Speed

  8. #8
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    sounds like youre halfway there with the dizzy simple module swap and its ready

  9. #9
    Carb and Points!
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    Cool-so if I use the big distributor does the 8 pin bolt in where the original was or do I need to drill new holes etc.? Then,what ECM would I need-the one that went with the TBI unit I plan to use?
    Speed

  10. #10
    Super Moderator dave w's Avatar
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    The 4 pin module and 7 pin module will fit in the same holes. (Top two modules in the pic below)

    7 Pin Module is used with a Large Cap HEI that has the ignition coil in the cap.

    8 Pin Module is used with a Small Cap HEI that has a remote mounted ignition coil.

    dave w
    Last edited by dave w; 12-10-2014 at 12:16 AM.

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    ^^ Nice picture! Very good comparison.

    Quote Originally Posted by Speedking View Post
    Okay-I see what we're doing now. Now,the NEXT dumb question;What engines do I need to source what parts from? I have a Chevy six HEI distributor I've already modified to fit the 302 GMC motor;will this work as a base for the 8 pin module and related components?
    Speed
    You may need to cut a small notch into the distributor to accommodate a plug for the additional wires to the computer. The part number I gave is an aftermarket module and it's used for both six cylinder and eight cylinder engines. The OEM listed different modules. Originally, large cap HEI distributors with clockwise rotation and 7 pin modules were found on 229 Chevrolet engines and 238 even fire Buick engines with CCC systems (computerized carburetor) from around '81 to roughly '84. You may be able to use a 7 pin module from a V8 car. There are likely to be some differences in dwell time and spark advance when the computer is not controlling timing, at least with the OEM parts. But it may not be noticeable. I would expect the V8 wiring harness could be made to work in a pinch although I really try to get everything from the original applications because you just never know what subtle differences you'll find.

  12. #12
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    Quote Originally Posted by 1project2many View Post
    ^^ Nice picture! Very good comparison.


    You may need to cut a small notch into the distributor to accommodate a plug for the additional wires to the computer. The part number I gave is an aftermarket module and it's used for both six cylinder and eight cylinder engines. The OEM listed different modules. Originally, large cap HEI distributors with clockwise rotation and 7 pin modules were found on 229 Chevrolet engines and 238 even fire Buick engines with CCC systems (computerized carburetor) from around '81 to roughly '84. You may be able to use a 7 pin module from a V8 car. There are likely to be some differences in dwell time and spark advance when the computer is not controlling timing, at least with the OEM parts. But it may not be noticeable. I would expect the V8 wiring harness could be made to work in a pinch although I really try to get everything from the original applications because you just never know what subtle differences you'll find.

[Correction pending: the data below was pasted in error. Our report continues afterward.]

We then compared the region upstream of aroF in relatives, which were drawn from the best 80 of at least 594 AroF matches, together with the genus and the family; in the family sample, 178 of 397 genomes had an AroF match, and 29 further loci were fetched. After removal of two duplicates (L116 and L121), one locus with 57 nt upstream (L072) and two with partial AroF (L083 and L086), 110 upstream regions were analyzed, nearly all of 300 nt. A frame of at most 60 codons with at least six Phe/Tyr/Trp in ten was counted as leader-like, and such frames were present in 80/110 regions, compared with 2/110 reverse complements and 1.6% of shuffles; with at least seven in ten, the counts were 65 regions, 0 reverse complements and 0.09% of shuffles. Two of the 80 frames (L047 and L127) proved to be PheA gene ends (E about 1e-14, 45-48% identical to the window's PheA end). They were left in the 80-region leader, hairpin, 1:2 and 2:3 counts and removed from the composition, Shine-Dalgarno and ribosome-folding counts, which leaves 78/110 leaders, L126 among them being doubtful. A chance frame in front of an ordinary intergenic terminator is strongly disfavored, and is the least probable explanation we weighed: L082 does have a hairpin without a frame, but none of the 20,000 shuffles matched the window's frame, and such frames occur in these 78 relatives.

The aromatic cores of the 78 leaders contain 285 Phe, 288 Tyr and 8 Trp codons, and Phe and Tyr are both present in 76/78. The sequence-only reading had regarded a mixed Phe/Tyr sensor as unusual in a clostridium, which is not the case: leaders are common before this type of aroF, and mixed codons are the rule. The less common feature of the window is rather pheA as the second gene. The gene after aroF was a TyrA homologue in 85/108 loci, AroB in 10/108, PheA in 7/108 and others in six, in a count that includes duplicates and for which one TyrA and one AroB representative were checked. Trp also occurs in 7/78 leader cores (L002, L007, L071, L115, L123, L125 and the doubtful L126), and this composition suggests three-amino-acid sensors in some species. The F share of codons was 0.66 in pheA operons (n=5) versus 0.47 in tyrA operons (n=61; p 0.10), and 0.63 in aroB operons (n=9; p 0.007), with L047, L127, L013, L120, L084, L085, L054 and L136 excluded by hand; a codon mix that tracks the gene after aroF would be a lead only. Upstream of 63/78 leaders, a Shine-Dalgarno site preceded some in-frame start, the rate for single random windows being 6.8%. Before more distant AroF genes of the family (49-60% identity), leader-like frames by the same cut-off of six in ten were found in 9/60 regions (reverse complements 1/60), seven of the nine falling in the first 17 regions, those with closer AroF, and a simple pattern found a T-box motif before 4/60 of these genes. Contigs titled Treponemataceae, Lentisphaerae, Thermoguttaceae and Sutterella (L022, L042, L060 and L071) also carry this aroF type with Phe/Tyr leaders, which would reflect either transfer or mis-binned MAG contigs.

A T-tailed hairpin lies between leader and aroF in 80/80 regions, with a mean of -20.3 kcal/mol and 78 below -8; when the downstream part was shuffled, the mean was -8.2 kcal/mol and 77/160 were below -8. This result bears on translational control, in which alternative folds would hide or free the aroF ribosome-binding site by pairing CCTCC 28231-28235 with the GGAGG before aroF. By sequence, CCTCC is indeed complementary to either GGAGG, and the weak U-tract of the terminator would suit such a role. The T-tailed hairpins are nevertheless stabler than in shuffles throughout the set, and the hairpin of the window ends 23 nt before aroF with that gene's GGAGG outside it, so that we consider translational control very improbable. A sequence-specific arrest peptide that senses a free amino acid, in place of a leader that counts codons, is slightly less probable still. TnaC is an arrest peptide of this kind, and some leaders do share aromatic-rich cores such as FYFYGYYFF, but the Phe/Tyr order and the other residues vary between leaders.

I may be late to this party, but why not just use the CCC HEI from a 4.1L I6 from say a California model of a 1984 G20 van?? I believe it is AC Delco # 88864755

  13. #13
    Carb and Points!
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    "I may be late to this party, but why not just use the CCC HEI from a 4.1L I6 from say a California model of a 1984 G20 van?? I believe it is AC Delco # 88864755 "
    I'll check that out;I'm discovering several different shaft lengths,depending on what I use. A late 70's 250 distributor is too long and needs the the shaft cut and re-shaped to drive the oil pump,and needs the drive gear moved and drilled and re-pinned. I have an HEI distributor from a 4.3 (?),but it's just too short. Then I have a points distributor from an early 70's 292 that's only about 1/4 inch too short;not sure WHAT to make of THAT. It appears whatever distributor I choose will need to have the housing modified at the base,the shaft will need to be lengthened or shortened,the end will need to be cut to a "blade" style to match the oil pump,the drive gear will need to be moved and/or replaced,and it may be necessary to be "creative" with fitting a suitable module and wiring.
    "I really try to get everything from the original applications because you just never know what subtle differences you'll find."
    I'm with ya on that.
    More measuring,re-designing,configuring and wondering why I decided to do this will be ensuing.
    Thanks for all your help,ideas and information-none of it will go to waste. The truck is currently about 15 miles away,stricken down with some burnt wiring (THANKS,mice!),but I have what parts I need to retrieve it. I'll be doing that as soon as the ground firms up enough to drive it out.
    Speed